Thursday, February 16, 2017

TSB calls on Transport Canada to develop strategies to mitigate severity of dangerous goods derailments

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Gauge-side view of west portion of the insulated joint (Note: The arrows indicate the rail end batter on the running surface and the secondary cracking.) Gauge-side view of west portion of the insulated joint (Note: The arrows indicate the rail end batter on the running surface and the secondary cracking.) Transportation Safety Board of Canada

The Transportation Safety Board of Canada (TSB) is calling for Transport Canada to develop strategies to reduce the severity of derailments involving dangerous goods, following its investigation into the derailment and fire of a Canadian National train near Gogama, Ontario in February 2015.

The TSB's recommendation asks the Department of Transport to "conduct a study on the factors that increase the severity of the outcomes for derailments involving dangerous goods, identify appropriate mitigating strategies including train speeds for various train risk profiles and amend the Rules Respecting Key Trains and Key Routes accordingly."

The CN crude oil unit train that derailed in 2015 was traveling at 38 mph, below the 40 mph limit, and released 1.7 million liters (449,000 gallons) of product when 19 of the 100 tank cars were breached. The crude oil ignited and the resulting fire burned for five days.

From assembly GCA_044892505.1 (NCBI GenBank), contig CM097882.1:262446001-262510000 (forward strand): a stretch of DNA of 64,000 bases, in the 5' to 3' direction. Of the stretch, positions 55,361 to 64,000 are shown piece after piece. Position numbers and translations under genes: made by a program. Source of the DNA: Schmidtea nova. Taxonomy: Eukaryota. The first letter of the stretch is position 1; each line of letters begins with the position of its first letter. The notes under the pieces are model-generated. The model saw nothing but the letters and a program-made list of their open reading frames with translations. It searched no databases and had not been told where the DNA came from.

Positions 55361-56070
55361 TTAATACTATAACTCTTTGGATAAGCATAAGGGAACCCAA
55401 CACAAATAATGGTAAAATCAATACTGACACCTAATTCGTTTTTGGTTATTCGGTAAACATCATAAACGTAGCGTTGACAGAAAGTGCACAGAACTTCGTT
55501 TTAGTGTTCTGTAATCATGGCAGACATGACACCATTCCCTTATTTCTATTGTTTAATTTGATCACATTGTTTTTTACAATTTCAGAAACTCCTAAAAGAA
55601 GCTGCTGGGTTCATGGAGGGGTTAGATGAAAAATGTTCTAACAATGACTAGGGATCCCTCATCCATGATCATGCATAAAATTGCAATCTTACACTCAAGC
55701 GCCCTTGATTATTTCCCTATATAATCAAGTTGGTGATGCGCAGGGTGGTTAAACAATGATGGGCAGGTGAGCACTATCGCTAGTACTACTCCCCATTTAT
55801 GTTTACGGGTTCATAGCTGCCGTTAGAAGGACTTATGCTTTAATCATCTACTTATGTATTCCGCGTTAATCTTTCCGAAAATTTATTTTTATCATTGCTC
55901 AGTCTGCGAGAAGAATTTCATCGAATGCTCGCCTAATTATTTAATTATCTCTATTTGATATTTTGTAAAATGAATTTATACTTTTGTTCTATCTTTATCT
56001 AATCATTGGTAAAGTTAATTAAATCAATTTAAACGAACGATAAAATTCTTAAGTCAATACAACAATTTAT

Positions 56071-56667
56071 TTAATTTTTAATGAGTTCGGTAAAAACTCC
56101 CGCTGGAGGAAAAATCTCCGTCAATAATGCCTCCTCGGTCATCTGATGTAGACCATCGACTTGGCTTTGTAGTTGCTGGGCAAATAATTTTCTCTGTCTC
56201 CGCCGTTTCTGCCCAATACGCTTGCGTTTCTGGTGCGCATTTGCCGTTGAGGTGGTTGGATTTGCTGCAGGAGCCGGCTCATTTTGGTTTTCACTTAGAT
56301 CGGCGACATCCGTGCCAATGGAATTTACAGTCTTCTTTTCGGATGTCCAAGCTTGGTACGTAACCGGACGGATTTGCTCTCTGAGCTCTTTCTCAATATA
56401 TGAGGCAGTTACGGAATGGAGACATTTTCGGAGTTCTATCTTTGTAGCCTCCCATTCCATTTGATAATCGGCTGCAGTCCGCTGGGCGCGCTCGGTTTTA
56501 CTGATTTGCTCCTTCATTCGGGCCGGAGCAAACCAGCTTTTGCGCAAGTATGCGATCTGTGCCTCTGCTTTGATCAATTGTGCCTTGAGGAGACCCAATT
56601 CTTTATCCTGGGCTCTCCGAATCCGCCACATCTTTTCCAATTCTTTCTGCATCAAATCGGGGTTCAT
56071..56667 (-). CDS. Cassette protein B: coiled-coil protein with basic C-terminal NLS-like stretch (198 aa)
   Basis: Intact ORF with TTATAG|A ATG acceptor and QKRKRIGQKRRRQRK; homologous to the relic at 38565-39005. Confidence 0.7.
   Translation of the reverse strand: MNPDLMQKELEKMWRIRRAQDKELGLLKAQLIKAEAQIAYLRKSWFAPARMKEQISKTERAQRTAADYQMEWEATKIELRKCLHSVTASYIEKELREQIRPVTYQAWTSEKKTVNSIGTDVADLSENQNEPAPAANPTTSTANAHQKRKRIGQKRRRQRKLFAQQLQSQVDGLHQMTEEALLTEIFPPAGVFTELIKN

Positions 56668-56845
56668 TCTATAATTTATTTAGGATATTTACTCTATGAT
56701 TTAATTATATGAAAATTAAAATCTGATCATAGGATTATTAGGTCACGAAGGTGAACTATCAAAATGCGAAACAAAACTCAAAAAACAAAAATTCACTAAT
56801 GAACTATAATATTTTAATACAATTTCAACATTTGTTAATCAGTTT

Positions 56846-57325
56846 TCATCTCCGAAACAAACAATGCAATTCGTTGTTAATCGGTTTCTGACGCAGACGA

TSB pointed to joint bar failures as the cause of the derailment. Undetected fatigue cracks in the joint bars caused failure with the combination of cold temperatures and repetitive impacts from train wheels. TSB said the cracks were undetected due to the assistant track supervisor receiving insufficient training, on-the-job mentoring and supervisory support.

"This accident occurred at a speed below the maximum speed permitted by the Transport Canada approved Rules Respecting Key Trains and Key Routes," said Kathy Fox, chair of the TSB. "The TSB is concerned that the current speed limits may not be low enough for some trains—particularly unit trains carrying flammable liquids."

TSB said the cars involved in the derailment were Class 111 tank cars built to the newer CPC-1232 standard. Although this standard requires the cars to have additional protective equipment, the TSB determined that the speed of the train had a direct impact on the severity of the tank-car damage. Additionally, the lack of thermal protection contributed to thermal tears in those cars located in the pool fire, which led to additional product release. TSB also mentioned the cars displayed similar performance issues as in the Lac-Mégantic derailment.

"The Transportation of flammable liquids by rail has been on the TSB Watchlist since 2014", said Chair Fox. "While stronger tank cars are being built, the current ones will be in service for years to come. The risks will also remain until all of the factors leading to derailments and contributing to their severity are mitigated."

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